Three defendants have been named in a federal lawsuit that claims there were high lead levels aboard the Herbert C. Jackson last year. Those three companies are Fraser Shipyards, Interlake Steamship Company and Northern Engineering of Superior.
The plaintiff in the lawsuit is a 48-year-old man who was employed as a welder on the ship while it was being retrofitted for a diesel-propulsion system. The 57-year-old ship reportedly had toxic lead levels. The man’s blood lead level was over seven times what the Centers for Disease Control and Prevention lists as being harmful. Two weeks after his exposure, he still had a blood lead level of 37 micrograms per dekaliter. According to the lawsuit, the lead exposure has affected his ability to work. He was working for Tradesmen International, which was subcontracted to work on the project. That company was not named in the lawsuit.
The lawsuit wants more than $75,000 for the harm the man suffered, as well as failing to warn the workers about the high lead levels. This isn’t the first time that Frazer has had problems for exposing workers to toxins. Over 60 citations were issued in the 1990s to Fraser.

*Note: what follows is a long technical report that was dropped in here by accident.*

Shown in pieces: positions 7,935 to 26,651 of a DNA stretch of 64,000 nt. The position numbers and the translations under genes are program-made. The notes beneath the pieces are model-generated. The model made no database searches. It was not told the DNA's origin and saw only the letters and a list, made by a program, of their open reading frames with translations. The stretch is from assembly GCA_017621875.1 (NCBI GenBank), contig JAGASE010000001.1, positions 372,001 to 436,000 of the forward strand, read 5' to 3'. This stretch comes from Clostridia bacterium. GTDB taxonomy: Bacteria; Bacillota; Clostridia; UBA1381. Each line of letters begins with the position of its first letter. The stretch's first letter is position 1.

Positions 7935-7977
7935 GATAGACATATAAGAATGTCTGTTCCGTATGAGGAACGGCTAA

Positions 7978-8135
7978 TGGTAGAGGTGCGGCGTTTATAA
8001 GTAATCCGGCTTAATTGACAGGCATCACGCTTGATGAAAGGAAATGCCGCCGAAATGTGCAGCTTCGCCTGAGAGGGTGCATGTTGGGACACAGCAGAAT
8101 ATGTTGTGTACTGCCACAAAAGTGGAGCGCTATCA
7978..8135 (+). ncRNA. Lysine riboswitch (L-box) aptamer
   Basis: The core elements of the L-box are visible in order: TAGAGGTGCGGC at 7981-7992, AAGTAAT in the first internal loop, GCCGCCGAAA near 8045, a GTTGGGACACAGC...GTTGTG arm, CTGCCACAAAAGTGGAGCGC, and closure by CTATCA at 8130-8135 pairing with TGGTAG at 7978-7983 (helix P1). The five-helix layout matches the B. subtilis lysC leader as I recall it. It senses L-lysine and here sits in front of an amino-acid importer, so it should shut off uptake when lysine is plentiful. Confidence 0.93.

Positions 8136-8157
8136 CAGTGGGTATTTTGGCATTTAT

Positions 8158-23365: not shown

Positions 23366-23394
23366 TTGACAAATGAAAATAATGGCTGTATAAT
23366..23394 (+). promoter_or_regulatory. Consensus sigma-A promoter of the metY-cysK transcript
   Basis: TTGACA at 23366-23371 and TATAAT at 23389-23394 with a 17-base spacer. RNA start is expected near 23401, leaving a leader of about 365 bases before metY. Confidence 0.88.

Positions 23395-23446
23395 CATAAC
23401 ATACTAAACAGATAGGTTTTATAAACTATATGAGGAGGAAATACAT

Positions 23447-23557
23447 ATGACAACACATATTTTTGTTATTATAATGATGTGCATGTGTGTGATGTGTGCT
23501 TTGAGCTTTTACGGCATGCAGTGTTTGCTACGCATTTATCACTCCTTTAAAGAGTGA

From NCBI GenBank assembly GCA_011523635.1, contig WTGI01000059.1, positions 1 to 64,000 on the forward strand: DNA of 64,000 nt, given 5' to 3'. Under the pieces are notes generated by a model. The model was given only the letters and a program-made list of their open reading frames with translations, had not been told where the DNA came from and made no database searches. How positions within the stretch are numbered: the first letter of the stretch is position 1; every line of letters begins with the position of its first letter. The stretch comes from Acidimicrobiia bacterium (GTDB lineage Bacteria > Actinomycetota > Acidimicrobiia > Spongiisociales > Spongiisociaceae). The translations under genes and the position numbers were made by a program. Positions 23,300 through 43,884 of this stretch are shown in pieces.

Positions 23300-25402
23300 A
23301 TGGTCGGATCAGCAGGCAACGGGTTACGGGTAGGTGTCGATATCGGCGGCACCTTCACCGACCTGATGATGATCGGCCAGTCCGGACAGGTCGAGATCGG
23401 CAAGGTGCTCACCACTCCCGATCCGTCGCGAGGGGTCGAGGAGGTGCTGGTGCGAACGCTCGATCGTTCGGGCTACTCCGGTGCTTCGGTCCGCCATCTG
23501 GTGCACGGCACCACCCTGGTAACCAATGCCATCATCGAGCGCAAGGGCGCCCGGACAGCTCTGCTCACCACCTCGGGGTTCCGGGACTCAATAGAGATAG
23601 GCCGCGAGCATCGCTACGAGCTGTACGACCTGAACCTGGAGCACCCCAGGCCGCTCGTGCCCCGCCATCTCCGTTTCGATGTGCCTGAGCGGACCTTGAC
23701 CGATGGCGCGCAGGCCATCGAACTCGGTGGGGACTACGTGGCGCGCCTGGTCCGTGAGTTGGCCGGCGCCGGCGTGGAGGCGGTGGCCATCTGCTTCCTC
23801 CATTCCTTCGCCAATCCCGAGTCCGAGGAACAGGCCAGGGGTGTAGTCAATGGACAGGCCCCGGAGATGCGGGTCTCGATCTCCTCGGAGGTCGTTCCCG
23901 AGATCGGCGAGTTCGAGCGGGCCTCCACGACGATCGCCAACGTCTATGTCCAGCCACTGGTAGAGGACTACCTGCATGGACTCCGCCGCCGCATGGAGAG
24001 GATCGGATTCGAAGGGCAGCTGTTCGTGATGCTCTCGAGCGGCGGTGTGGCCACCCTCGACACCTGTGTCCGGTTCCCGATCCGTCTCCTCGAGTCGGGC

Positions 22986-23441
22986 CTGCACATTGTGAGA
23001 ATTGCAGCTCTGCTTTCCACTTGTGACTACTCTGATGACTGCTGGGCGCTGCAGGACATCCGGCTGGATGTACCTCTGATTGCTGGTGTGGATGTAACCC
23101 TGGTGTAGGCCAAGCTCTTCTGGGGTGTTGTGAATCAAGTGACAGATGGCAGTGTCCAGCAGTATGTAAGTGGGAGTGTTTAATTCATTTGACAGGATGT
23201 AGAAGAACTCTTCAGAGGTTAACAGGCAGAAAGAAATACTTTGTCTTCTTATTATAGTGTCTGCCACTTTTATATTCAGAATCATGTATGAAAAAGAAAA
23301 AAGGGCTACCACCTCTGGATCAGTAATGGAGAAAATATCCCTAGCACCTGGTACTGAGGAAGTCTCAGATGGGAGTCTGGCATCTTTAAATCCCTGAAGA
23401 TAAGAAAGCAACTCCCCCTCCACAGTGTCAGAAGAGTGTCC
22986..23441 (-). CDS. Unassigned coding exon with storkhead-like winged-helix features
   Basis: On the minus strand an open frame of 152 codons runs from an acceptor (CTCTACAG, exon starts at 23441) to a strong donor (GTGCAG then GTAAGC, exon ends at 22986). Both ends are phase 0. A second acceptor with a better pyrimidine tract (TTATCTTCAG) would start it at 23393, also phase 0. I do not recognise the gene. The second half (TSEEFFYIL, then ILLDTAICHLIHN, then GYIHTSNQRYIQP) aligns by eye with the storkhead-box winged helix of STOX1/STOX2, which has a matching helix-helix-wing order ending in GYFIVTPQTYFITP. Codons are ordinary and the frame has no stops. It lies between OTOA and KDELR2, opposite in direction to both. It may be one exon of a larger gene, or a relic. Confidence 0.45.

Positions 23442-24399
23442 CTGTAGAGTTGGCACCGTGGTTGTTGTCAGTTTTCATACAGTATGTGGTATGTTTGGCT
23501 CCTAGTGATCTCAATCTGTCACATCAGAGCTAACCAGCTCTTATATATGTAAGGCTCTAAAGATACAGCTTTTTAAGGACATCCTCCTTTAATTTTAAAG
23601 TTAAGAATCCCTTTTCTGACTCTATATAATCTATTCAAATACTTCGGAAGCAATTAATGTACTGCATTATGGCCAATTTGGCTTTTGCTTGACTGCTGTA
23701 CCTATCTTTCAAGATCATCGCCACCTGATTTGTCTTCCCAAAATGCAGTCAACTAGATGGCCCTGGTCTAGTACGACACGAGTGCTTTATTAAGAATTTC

The Occupational Safety and Health Administration began looking into a complaint. That was who eventually found the high exposure to lead. In addition to the lead, OSHA is looking into the possible exposure to chromium 6, which is often generated when welding metal that is coated with chromate paint or on stainless steel. That investigation currently remains open.
If you believe you have suffered harm due to toxic exposure, you too may have a claim for compensation. An experienced personal injury attorney can provide you with more information on how to seek that compensation.
Source: Superior Telegram, “Suit filed in federal court against Fraser Shipyard, others for lead exposure,” Shelley Nelson, May 25, 2016